• Nebraska – every 2-3 years
  • New Hampshire – risk-based cycle
  • New Mexico – 3 year cycle
  • Utah – 5 audits per month (3 routine, 2 for cause; mostly broker-dealer issues)
  • Virginia – 3.5 year cycle
  • Washington – high-risk firms audited 1-2 years; lower risk firms audited every several years
  • Wisconsin – 3 year cycle

We will periodically update this information as we receive it from the divisions.

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Other related hedge fund law articles:

Cole-Frieman & Mallon LLP provides legal support and hedge fund compliance services.  Bart Mallon, Esq. can be reached directly at 415-868-5345.

Hedge Fund Law Blog Notes For Week

Adviser Registration, Accredited Investors, Carried Interest, Insider Trading, Cap and Trade

Below are some thoughts on some of the major issues over the last couple of weeks.

Have a great Memorial Day Weekend!

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Hedge Fund Regulation and Registration – While the Private Fund Investment Advisers Registration Act of 2010 was passed this month in the Senate, there has not been as much discussion in the news about this issue and manager registration.  I expected that we would hear more, especially with regard to the following issues:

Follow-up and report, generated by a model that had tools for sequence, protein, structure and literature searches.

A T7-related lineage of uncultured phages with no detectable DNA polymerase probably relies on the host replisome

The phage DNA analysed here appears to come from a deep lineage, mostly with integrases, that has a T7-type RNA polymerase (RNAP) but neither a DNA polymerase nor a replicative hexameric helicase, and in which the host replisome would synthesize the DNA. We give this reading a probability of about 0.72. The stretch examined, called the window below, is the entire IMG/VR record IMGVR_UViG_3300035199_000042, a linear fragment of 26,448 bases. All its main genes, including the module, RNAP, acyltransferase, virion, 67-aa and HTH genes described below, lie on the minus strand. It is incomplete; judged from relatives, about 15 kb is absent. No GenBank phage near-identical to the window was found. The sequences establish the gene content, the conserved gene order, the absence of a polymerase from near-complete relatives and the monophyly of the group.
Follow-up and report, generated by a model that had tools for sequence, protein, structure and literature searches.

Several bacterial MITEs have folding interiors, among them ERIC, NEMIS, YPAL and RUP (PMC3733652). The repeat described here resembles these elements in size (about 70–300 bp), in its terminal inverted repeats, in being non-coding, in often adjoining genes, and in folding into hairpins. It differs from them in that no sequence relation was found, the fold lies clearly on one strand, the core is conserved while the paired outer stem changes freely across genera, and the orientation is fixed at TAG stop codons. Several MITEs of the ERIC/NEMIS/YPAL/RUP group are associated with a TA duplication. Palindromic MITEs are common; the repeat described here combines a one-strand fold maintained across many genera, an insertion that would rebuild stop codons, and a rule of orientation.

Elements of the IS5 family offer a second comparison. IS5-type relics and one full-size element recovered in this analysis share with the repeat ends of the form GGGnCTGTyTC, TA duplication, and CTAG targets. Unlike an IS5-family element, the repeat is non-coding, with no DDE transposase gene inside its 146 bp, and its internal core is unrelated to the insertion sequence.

• Section 407 – Exemption of VC Funds
  • Section 408 – Exemption from Reporting Requirements for Private Equity Funds
  • Section 410 – State Authority for Managers with AUM of up $100MM (this is generally a bad idea in my opinion and we will be writing a post about this soon…)
  • Section 412 – Adjusting Definition of Accredited Investor (see also below)

I imagine we will hear more as the Senate and House begin to reconcile their two bills and before President Obama signs the final Financial Reform bill into law, which some think may happen before the July 4th holiday.

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Definition of Accredited Investor – The Senate version of the Financial Reform bill will change the definition of an “accredited investor” in the future.  Generally “accredited investors” are those individuals with a net worth of $1,000,000.  Under current regulations, individuals can include the equity in their private residence when determining their net worth.  In the future, they will need to exclude the equity in their private residence when determining their net worth.  This potentially may have a deleterious effect on the hedge fund industry, but also on other industries which rely on private placements.